PolySense: create wearable sensors with a simple chemical process that augment textiles with electrical functionalities!

We present PolySense, a fabrication process for creating smart materials. PolySense adds electrical functionality to everyday fabrics. Using this method you can create jackets which measure your body movement, socks which count your steps, or gloves which heat your hands. PolySense might find application in VR, by creating thin, breathable gloves with precise motion tracking abilities, or in dance performances, by creating elastic, moving clothing, which might also control light and sound. All of this based on fabric augmentation, using tools you can find in any kitchen.

What are the problems you aim to help solve with this project?:
With my hackerspace friends, we were frustrated by the cost of the main piezo-resistive textile when making our eTextile music controller:

Then the manufacturer stopped selling it publicly, so we decided to make our own!

What are some of the major challenges you have encountered and how did you address them?:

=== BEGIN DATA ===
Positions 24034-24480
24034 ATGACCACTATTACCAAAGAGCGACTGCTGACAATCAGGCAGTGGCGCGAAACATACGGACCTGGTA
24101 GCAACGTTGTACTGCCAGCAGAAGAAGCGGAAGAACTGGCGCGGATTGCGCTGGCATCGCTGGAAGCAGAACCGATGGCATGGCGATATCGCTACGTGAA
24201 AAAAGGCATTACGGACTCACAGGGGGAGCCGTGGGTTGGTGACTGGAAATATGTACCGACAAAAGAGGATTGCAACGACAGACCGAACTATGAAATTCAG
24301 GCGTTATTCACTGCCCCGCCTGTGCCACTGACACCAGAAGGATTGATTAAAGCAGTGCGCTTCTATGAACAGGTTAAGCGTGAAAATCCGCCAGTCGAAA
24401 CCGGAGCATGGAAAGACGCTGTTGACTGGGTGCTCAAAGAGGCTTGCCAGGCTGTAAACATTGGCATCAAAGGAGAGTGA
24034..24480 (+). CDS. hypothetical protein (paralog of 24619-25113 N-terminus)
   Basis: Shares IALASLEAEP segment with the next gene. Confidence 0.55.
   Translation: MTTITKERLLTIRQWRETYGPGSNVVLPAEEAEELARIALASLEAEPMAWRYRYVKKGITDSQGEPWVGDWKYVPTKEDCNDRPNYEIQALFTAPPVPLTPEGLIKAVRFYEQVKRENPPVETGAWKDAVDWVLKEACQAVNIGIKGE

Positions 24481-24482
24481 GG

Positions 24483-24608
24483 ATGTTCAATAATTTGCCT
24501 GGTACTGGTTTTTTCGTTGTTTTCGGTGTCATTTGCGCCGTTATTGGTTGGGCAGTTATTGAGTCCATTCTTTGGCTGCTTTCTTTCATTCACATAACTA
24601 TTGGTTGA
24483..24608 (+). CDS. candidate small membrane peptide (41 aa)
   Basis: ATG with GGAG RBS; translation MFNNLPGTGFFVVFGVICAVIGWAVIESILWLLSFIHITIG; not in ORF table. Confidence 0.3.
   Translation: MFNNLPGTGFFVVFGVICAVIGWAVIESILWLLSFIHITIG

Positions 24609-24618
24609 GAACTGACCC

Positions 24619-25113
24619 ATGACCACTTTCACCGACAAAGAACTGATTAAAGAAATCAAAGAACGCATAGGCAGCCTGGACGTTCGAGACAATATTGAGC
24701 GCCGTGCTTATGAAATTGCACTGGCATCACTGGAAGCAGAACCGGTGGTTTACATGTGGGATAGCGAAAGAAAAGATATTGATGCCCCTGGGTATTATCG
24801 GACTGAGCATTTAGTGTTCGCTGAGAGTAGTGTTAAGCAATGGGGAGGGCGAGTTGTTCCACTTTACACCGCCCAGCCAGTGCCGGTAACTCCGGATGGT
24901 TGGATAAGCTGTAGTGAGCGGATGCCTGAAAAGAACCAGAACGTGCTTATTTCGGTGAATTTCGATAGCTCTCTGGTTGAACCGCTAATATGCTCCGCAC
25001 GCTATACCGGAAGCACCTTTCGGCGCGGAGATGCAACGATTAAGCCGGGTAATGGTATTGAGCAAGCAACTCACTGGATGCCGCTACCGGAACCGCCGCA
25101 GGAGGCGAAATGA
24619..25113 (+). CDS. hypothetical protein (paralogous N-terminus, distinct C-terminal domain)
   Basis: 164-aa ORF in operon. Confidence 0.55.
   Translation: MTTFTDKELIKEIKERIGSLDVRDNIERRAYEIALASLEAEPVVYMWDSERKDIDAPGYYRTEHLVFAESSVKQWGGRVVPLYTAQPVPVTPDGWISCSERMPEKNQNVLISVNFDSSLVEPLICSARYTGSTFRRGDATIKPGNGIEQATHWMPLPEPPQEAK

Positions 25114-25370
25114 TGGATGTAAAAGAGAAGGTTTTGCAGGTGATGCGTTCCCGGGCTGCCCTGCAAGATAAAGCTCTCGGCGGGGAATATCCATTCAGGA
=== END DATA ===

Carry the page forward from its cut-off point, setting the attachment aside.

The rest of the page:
We tried many approaches with copper, silver or carbon particles, but it never really worked (oxydization, etc). We tried replicating conductive ink patents, or even formulas in PhD thesis, but we didn't have the background.

Luckily, I met materials scientists and got the opportunity to spend a week as "maker resident" in their lab. We reverse engineered the reference material to understand it, and created our own DIY version!

We ended up creating a method for turning (almost) any fibrous or porous material into a conductor, resistor, pressure sensor, stretch sensor, humidity sensor, temperature sensor and even heating pad (which can nicely takeĀ on fire if desired!)

Project Website
Categories: Making, Textiles, Wearables
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